|Leatherback Turtle (credit: Wikipedia Commons)|
The August 2013 issue of Harpers (@harpers) features a grim assessment of the world's fisheries. Featured in the stories told by Eric Vance (@erikvance) are a brief history of turtle exploitation in the Sea of Cortez (the Gulf of California):
In 1962 alone, fishermen pulled 186 tons of turtles out of a single bay, the Bahia de Los Angeles. In the early 1970's, Kino lobster divers made a strange discovery. During the winter, the reptiles lazed on the seafloor, barely moving for months. Thus began a decade-long bonanza as divers picked thousands of turtles off the ocean bottom. . . By 1982, the turtle population in the Bay had declined by 96 percent. By 1990, when Mexico announced a nationwide ban on turtle fishing, they were nearly extinct.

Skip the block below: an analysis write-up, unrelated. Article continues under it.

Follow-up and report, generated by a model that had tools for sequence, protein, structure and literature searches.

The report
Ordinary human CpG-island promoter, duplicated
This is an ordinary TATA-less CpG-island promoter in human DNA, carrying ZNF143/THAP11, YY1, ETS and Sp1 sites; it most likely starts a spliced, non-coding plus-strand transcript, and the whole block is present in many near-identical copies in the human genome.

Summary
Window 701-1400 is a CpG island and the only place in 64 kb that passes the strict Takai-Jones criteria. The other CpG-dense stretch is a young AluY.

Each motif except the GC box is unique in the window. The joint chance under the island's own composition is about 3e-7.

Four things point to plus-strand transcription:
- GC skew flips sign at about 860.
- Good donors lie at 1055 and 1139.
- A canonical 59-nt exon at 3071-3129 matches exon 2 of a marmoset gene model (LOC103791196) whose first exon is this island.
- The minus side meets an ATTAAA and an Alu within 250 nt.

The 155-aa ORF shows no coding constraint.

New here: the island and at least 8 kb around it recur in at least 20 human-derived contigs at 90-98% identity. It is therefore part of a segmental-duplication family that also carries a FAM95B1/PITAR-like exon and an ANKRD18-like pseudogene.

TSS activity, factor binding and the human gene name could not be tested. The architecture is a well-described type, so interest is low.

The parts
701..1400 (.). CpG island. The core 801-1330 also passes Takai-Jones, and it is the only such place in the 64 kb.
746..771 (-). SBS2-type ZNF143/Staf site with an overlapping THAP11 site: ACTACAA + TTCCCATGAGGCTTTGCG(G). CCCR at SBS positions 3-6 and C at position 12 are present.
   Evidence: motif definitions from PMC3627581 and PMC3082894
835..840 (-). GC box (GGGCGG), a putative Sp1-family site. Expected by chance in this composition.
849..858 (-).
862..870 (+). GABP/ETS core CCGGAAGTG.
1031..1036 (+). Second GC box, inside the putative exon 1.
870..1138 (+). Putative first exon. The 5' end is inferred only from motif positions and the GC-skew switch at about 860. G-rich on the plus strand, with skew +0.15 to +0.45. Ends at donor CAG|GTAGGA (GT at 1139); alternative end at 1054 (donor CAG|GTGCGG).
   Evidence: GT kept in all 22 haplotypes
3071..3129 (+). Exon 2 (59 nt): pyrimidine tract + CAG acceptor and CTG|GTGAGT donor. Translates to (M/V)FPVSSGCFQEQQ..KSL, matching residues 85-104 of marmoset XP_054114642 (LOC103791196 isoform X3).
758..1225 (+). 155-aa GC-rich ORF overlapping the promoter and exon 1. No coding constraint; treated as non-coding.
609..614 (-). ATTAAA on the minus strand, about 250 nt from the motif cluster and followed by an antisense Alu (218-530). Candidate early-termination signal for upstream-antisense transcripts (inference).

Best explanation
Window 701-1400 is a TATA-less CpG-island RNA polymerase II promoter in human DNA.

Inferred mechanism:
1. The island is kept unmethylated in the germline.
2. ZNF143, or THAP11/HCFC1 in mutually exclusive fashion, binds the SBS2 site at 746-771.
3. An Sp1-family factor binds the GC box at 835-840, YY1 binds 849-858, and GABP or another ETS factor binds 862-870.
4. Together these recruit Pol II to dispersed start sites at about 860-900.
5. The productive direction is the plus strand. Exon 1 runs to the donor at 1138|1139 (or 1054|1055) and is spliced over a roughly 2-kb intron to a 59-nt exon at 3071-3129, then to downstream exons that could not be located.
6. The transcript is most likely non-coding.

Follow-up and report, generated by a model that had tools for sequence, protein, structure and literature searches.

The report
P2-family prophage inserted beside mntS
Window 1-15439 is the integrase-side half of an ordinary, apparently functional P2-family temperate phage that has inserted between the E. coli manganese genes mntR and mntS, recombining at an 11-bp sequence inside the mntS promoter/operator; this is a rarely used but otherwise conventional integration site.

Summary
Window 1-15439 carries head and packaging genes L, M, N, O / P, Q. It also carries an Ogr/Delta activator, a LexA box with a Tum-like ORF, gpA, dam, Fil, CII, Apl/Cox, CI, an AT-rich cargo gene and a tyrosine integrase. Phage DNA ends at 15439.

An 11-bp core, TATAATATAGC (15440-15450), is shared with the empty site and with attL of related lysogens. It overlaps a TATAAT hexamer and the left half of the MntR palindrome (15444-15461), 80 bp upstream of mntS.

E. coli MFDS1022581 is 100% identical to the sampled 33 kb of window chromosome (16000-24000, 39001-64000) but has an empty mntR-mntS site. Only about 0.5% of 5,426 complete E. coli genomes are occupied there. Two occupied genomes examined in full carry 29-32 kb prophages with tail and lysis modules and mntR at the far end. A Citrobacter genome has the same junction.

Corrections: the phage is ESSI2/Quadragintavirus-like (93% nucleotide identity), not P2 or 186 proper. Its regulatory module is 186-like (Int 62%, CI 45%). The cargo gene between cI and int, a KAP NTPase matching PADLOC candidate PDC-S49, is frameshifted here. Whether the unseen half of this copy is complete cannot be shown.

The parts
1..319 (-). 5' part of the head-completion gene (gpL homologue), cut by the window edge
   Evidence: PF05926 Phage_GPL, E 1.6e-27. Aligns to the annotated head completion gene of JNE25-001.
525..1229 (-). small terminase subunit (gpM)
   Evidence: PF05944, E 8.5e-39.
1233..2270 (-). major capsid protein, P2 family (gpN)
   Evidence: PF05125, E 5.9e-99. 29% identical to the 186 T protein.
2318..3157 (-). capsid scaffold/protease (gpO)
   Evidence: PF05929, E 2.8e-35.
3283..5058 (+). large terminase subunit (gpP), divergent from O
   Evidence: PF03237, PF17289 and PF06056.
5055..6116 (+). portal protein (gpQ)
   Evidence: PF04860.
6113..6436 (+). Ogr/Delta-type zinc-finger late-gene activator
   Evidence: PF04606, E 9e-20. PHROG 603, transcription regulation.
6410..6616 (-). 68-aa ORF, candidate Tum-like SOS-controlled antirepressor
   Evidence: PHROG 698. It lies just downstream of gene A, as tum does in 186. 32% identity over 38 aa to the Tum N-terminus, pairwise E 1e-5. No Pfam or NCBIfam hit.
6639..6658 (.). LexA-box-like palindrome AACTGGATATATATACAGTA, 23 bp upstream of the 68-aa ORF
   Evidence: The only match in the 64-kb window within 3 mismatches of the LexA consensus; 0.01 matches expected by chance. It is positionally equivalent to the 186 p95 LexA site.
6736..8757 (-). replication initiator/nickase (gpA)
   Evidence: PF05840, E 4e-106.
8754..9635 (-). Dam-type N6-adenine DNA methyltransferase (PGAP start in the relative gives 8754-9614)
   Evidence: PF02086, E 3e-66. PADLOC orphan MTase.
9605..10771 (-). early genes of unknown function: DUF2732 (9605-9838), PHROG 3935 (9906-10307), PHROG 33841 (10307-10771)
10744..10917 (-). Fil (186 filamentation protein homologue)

Parts of the Sea are designated UNESCO World Heritage sites, but conservation enforcement and local economic pressures have contributed to dimming prospects for the specialized ecosystem supported in the Sea. (Article pay wall). The importance of this particular slice of ocean seems unassailable:
Jacques Cousteau once called the Sea of Cortez the "Aquarium of the World," citing both its extraordinary variety of life and its accessible bounty. In many ways, the sprawling sea is the world's ocean writ small. The west is deep and rock; the east, shallow and sandy. In the Upper Gulf, temperatures can swing from chilly in the winter to hot and tropical in the summer. The water is crystal clear in some places, murky in others. It hosts an astounding 950 fish species, 10 percent of which are found nowhere else in the world, including the world's most endangered marine mannal -- a diminutive porpoise call the vaquita ("little cow").